I’ve written an article (.pdf) for the summer 2013 issue of the Fletcher Forum of World Affairs. The piece is entitled, “Towards an ‘Islamic Republic of Mali’?” I analyze trends in Malian Muslim leaders’ public religiosity and political participation. An excerpt from pp. 46-47:
Islamist rule at gunpoint seems unlikely to return in the short-term. The end of armed Islamist control, however, does not mean that Islam will recede as a political force in Mali. The public roles—plural—of Islam in Mali have expanded and diversified from the time of the French colonial conquest to the present. This expansion has been especially pronounced since 1991, when a military coup set the stage for two decades of multiparty elections and political liberalization. While Islamists hold few elected offices, liberalization facilitated the expression of diverse Muslim identities in Mali. Mass movements and mass media are two powerful channels through which Muslim activists shape values, influence politics, and contest the meaning of Islam. The 2012-2013 crisis occurred in the midst of this ongoing reevaluation of the role of Islam in public life in Mali. The crisis further expanded opportunities for Muslim leaders to expand their participation in politics and intensified debates over what it means to be Malian and Muslim.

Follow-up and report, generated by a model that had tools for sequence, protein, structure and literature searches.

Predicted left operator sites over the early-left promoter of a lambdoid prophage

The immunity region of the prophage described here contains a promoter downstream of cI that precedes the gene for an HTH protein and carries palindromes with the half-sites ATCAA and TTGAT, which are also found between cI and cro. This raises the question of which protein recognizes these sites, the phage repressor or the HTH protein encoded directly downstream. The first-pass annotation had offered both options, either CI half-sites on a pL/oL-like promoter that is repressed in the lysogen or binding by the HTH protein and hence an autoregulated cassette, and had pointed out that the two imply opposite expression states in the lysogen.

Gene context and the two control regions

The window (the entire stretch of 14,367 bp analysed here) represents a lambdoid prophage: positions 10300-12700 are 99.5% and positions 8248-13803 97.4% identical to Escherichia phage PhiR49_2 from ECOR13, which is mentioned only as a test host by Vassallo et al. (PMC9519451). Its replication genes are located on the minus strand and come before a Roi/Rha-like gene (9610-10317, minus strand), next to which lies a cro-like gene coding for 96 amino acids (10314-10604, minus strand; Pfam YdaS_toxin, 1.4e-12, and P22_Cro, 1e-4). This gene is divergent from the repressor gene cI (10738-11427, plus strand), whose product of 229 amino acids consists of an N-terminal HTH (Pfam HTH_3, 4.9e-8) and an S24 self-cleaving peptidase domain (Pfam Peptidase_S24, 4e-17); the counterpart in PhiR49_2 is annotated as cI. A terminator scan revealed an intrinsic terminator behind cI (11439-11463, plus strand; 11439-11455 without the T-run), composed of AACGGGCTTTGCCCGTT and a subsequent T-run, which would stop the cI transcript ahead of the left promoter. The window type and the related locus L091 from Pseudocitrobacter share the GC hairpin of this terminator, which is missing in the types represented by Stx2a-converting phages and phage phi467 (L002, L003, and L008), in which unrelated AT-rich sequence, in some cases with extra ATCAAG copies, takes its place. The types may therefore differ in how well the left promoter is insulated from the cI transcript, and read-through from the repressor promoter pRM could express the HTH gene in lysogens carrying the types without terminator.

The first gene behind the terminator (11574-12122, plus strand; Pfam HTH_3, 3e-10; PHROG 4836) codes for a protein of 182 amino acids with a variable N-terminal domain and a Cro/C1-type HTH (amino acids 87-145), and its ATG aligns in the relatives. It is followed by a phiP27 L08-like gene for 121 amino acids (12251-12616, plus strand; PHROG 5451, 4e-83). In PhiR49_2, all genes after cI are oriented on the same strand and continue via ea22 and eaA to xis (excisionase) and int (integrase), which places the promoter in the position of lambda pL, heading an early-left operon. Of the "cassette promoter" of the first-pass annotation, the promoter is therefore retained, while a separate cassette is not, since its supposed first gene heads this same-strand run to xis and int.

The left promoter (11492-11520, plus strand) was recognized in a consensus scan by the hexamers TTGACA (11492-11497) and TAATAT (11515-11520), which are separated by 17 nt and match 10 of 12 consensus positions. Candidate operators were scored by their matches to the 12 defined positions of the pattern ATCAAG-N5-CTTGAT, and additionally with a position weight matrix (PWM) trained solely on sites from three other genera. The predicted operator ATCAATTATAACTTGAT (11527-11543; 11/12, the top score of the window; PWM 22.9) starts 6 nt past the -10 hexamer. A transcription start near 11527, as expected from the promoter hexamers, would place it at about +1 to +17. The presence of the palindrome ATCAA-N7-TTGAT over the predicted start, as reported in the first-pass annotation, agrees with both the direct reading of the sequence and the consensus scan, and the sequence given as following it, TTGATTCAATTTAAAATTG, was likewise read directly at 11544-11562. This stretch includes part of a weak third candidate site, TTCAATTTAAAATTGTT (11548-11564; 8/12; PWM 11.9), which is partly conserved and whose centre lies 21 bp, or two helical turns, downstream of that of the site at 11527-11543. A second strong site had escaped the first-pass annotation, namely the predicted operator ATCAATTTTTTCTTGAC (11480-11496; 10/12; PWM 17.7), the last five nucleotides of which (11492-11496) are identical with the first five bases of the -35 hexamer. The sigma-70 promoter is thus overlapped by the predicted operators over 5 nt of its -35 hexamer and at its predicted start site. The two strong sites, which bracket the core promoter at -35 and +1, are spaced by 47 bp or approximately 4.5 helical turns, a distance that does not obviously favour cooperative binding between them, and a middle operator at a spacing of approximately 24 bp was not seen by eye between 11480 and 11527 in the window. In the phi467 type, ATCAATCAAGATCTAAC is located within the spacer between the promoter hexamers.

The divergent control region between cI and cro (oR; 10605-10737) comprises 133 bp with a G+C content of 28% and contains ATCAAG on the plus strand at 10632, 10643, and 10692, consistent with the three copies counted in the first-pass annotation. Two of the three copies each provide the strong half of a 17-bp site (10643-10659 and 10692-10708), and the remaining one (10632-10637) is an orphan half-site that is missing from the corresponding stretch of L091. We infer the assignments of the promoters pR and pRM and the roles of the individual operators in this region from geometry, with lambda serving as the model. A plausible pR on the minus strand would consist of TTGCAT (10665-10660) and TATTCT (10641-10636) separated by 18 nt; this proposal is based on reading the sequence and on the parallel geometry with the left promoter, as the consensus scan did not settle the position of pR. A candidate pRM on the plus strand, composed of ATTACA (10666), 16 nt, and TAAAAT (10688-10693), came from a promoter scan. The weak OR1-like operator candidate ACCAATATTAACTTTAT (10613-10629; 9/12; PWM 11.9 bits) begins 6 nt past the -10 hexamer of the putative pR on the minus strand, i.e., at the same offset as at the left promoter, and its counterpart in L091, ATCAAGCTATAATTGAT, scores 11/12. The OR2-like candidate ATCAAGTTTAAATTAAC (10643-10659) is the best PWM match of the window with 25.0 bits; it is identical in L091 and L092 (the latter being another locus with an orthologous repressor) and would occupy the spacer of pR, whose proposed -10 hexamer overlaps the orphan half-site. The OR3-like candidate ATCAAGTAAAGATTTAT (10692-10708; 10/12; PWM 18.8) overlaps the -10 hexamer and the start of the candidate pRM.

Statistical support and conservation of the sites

Post-war Mali will likely not be an “Islamic state” in the sense of a state where micro-policies are explicitly based on specific references to Islamic scriptures and traditions. But Islam already has a greater public role in Mali than before the war began. As Mali emerges from conflict and re-imagines its political system, Malian politicians and outside partners hoping to restore an idealized “status quo ante,” in which Islam supposedly played no public role in a democratic and “secular” country, may have to acknowledge the increasingly powerful influences Muslim activists and movements wield in Malian society and politics.
If you read the article, please stop back by here and share your thoughts.